NEW DELHI — Investors are hoping Premier Manmohan Singh, who unleashed radical reforms that turned around India’s economy two decades ago, can work some similar magic after assuming the finance portfolio once again.
On Friday investors drove the benchmark Sensex share index to a two-month high, spurred by hopes that the 79-year-old Singh can put the mojo back into the once-booming economy, which is growing at its slowest pace in nine years.
“He’s got the economy’s pulse. There’s a lot of hope building that he will take some right steps,” Amisha Vora, joint managing director of one of India’s leading brokerage houses, Prabhudas Lilladher said.
A survey of India’s top 150 chief executives by business group Assocham found expectations of “renewed energy being infused” into the economy since the ex-World Bank economist took control of the finance ministry last week.
Singh, who replaced veteran politician Pranab Mukherjee after he stepped down to run for India’s mainly ceremonial presidency, has already spoken of the need to revive the economy’s “animal spirit”.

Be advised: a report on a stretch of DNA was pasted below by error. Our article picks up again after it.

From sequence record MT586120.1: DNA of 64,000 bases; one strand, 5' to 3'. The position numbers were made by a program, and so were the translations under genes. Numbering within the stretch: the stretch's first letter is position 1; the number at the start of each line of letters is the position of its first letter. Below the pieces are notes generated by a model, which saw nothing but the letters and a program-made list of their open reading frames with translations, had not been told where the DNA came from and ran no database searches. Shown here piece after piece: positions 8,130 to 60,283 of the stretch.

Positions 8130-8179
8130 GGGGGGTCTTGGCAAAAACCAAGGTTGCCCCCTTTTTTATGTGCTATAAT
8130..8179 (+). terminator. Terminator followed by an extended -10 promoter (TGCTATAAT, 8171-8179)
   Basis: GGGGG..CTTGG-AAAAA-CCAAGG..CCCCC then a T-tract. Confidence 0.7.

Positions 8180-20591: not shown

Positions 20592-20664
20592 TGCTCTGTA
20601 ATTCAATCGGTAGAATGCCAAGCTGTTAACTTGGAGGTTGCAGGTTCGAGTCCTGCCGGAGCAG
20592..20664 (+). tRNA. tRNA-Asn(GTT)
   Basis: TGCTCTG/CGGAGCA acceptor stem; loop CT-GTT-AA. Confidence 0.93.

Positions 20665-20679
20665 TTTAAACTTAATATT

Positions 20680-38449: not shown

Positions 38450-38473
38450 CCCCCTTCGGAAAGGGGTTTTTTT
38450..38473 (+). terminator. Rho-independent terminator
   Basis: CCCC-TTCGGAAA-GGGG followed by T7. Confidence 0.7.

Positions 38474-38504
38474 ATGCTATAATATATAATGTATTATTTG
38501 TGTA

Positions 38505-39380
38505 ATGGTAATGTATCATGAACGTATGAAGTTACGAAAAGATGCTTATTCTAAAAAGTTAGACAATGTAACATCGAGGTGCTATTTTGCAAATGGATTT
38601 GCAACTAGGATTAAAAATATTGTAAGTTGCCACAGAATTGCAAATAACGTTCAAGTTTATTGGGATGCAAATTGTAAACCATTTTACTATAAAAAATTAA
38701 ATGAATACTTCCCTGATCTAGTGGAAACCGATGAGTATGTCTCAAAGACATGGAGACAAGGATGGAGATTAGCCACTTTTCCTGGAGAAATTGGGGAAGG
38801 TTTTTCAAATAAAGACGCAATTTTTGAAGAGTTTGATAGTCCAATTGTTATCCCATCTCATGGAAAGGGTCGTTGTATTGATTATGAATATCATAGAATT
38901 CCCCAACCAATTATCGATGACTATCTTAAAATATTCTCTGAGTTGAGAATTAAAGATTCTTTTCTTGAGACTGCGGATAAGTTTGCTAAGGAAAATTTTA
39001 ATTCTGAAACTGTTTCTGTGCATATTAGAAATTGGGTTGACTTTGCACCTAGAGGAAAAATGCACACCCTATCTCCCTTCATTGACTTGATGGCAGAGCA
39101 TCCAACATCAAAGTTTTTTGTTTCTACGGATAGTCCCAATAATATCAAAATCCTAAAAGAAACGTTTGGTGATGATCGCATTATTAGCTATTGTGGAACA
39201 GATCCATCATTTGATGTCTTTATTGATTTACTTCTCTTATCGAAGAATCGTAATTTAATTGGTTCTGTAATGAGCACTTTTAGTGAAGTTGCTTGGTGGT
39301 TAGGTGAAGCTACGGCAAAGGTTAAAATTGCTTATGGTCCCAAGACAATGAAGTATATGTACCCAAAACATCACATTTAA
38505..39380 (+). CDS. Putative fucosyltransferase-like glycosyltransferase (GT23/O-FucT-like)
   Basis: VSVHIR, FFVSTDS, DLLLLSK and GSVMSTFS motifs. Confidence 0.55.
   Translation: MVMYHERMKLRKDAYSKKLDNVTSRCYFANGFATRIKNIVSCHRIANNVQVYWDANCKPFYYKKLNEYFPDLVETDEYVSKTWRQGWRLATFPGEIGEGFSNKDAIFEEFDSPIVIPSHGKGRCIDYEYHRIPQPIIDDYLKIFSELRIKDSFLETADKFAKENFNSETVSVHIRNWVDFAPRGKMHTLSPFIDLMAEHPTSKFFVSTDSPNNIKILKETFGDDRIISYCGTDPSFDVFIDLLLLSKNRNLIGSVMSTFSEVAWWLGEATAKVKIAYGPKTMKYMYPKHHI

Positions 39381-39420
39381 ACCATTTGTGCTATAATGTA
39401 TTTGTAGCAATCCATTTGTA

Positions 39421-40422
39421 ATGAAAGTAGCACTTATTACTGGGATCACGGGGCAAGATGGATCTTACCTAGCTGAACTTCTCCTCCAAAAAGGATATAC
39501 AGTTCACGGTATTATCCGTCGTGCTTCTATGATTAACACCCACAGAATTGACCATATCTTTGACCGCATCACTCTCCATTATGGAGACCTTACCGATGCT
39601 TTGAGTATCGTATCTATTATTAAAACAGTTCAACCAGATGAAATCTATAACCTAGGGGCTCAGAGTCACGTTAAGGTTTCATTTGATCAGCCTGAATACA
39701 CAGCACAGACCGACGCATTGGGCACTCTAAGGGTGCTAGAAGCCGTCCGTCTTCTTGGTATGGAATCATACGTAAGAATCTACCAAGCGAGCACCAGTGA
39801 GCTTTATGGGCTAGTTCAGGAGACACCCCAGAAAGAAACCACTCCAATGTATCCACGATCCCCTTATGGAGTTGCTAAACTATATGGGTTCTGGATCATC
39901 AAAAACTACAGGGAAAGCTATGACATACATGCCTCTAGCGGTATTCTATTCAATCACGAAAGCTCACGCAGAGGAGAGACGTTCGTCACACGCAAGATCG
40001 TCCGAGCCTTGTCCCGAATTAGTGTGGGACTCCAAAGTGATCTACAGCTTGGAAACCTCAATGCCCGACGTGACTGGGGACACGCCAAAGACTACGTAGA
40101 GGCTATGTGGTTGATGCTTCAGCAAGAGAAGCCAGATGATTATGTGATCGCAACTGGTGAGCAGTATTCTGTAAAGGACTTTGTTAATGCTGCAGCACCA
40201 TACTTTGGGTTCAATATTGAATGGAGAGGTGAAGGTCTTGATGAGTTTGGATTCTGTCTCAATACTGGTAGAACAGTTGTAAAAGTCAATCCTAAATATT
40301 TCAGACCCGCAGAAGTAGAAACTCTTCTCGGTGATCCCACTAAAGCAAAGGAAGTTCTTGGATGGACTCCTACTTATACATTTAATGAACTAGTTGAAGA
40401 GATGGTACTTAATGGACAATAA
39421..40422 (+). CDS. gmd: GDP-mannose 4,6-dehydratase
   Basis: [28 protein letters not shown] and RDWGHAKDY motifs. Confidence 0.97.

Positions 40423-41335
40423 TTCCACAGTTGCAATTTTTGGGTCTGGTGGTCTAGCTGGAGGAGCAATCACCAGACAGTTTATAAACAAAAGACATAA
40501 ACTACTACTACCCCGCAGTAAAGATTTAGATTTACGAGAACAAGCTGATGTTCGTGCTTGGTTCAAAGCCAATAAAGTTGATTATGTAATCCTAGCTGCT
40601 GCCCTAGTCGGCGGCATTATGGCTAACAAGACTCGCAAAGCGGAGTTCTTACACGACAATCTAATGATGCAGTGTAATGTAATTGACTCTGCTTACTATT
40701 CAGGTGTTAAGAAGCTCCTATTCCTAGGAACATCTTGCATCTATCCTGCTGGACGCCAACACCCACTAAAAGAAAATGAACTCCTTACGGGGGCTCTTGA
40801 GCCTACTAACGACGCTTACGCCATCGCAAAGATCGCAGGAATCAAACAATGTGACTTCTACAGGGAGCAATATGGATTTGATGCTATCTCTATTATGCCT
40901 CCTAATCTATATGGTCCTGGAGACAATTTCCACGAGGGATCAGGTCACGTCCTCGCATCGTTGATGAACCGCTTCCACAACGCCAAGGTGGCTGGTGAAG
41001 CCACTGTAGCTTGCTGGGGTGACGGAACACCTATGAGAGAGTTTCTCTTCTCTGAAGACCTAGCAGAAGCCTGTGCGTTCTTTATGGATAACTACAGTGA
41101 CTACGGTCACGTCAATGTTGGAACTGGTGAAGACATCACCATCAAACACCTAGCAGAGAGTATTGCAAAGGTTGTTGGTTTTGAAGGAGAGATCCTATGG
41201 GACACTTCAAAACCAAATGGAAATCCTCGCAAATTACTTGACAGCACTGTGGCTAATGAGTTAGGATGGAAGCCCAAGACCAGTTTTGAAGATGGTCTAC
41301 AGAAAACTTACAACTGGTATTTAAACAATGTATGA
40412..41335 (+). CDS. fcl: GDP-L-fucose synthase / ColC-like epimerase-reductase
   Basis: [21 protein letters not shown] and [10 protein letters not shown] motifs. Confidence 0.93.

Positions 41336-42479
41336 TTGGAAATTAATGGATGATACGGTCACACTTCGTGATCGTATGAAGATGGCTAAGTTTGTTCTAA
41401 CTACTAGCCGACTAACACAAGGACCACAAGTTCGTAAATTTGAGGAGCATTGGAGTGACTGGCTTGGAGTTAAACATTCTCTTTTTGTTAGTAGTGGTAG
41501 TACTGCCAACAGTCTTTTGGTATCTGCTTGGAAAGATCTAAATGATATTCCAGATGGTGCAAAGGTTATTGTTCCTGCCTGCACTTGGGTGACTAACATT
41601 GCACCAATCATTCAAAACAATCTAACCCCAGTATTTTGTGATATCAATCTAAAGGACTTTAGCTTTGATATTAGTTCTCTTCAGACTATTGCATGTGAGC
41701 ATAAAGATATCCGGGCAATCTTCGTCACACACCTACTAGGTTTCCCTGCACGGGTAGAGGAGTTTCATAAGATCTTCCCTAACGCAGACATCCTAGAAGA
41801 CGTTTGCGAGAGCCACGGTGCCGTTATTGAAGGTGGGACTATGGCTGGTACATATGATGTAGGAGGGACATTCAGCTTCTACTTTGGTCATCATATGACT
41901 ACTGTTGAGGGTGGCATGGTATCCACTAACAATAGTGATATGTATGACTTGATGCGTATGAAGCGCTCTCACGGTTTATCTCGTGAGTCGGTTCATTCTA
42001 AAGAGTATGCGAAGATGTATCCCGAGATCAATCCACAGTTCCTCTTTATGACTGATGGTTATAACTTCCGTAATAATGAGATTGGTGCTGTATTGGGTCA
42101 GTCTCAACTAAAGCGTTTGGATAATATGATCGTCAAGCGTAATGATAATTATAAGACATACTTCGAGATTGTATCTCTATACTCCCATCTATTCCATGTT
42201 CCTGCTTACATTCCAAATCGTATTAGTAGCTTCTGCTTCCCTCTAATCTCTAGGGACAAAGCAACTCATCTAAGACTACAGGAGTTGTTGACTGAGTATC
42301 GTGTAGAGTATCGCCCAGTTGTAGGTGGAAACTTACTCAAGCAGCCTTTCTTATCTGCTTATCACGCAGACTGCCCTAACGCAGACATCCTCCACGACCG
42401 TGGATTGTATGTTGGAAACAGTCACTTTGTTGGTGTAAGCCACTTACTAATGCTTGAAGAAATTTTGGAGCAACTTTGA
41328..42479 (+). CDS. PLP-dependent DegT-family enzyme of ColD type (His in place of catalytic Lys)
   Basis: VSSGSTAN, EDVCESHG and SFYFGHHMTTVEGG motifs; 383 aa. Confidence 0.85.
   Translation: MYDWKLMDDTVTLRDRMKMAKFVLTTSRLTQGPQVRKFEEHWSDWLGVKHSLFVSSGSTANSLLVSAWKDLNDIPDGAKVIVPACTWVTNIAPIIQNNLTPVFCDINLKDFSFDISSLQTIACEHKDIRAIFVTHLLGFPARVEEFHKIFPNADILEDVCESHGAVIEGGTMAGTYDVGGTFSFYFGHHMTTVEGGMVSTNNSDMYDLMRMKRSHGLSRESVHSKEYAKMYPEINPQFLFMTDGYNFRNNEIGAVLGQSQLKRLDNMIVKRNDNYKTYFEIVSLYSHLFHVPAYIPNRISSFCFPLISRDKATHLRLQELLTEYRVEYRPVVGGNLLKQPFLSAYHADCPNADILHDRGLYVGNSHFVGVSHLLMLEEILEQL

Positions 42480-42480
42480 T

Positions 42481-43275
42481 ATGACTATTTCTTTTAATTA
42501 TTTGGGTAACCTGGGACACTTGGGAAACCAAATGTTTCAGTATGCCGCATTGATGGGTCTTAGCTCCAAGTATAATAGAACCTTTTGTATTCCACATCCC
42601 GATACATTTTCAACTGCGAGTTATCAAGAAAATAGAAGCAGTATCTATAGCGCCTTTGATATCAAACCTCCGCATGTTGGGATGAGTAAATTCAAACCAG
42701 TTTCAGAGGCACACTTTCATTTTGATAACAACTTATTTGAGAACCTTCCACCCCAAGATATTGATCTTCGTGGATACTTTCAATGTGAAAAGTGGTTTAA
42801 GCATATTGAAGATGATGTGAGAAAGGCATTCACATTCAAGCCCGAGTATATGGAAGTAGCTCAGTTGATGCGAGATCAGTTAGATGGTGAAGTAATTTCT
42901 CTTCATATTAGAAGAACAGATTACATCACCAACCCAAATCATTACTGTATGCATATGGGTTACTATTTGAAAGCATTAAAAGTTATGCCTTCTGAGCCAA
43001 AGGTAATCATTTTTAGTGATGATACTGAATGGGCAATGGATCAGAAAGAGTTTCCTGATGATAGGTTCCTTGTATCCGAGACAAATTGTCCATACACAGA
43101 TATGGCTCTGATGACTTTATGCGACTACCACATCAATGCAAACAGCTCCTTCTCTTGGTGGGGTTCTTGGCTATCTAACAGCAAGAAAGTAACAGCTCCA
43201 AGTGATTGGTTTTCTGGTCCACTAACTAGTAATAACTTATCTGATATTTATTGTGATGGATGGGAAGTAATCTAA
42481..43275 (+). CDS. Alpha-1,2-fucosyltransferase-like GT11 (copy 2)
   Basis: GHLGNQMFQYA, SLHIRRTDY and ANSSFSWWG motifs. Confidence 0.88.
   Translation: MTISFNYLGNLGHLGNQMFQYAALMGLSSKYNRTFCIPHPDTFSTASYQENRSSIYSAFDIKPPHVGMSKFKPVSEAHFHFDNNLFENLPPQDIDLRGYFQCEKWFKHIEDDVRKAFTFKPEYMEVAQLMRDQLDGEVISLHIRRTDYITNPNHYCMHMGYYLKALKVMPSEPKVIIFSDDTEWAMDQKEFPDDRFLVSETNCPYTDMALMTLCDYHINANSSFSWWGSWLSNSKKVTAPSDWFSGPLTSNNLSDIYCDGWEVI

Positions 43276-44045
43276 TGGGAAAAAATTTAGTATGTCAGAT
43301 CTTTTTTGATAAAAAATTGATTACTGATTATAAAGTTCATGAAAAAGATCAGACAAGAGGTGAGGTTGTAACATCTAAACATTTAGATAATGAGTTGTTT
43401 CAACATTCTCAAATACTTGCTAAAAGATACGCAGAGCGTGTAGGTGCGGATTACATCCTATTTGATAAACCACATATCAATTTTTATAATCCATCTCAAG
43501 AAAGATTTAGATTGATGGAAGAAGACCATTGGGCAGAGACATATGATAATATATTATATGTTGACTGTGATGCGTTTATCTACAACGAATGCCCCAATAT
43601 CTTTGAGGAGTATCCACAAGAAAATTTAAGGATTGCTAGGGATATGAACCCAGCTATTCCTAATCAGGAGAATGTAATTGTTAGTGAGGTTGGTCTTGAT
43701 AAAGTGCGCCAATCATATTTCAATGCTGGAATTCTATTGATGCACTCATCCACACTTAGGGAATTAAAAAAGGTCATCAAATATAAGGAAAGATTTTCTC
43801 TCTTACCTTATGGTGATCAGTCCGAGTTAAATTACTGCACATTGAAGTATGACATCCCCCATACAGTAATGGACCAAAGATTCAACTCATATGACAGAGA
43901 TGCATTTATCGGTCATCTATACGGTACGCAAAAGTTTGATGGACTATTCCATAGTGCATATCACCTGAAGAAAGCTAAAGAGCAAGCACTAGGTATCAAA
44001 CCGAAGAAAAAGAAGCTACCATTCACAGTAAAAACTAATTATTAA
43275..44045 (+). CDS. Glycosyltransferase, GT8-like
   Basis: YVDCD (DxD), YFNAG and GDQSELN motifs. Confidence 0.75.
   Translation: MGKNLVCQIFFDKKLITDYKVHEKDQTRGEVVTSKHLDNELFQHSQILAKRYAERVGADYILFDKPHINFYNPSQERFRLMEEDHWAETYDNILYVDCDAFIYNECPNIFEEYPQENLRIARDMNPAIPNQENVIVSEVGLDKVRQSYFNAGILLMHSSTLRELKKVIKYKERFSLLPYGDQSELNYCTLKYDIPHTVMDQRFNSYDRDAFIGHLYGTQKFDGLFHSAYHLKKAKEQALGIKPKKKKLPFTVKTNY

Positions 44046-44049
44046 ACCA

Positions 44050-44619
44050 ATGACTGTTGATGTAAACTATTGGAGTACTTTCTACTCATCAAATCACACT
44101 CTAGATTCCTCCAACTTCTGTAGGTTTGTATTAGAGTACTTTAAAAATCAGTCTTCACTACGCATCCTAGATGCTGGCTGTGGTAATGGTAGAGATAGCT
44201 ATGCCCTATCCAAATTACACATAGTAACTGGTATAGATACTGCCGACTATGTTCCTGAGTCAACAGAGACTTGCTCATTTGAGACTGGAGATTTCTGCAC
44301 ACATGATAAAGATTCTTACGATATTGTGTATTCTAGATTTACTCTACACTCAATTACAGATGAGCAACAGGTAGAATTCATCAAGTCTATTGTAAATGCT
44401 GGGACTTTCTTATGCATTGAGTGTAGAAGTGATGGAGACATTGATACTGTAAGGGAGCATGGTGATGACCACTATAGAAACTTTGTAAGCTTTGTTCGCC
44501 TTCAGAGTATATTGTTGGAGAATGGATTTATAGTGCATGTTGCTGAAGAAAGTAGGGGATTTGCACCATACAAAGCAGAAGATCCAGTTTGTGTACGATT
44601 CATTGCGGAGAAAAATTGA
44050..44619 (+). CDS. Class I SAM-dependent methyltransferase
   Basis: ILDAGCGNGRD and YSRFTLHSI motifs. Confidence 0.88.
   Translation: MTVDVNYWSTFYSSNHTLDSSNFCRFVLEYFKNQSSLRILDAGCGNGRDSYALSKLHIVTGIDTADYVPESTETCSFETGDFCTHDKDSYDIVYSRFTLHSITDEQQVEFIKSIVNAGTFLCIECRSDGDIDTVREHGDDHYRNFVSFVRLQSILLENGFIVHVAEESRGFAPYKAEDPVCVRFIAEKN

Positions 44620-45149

“We need to work to get the economy going again and restart the India growth story,” Singh told senior finance ministry officials, calling for a reversal of “the climate of pessimism”.
As finance minister in 1991, Singh ignited the fuse for rapid growth as India teetered on bankruptcy, by embracing free markets and cutting through suffocating red tape.
Many had hoped that as prime minister he would execute a “second-generation” of changes to propel growth into double-digits and allow hundreds of millions of Indians to escape poverty faster.
But his Congress Party-led coalition has dismayed investors by being unable to push through planned reforms due to opposition from within and a string of multi-billion-dollar corruption scandals.
While Singh’s rallying cry last week improved business sentiment, analysts say he must now find the deeds to match his words.
“He will have to walk the talk and there will have to be a political sign-off from coalition allies on his actions,” CLSA economist Rajeev Malik said. — AFP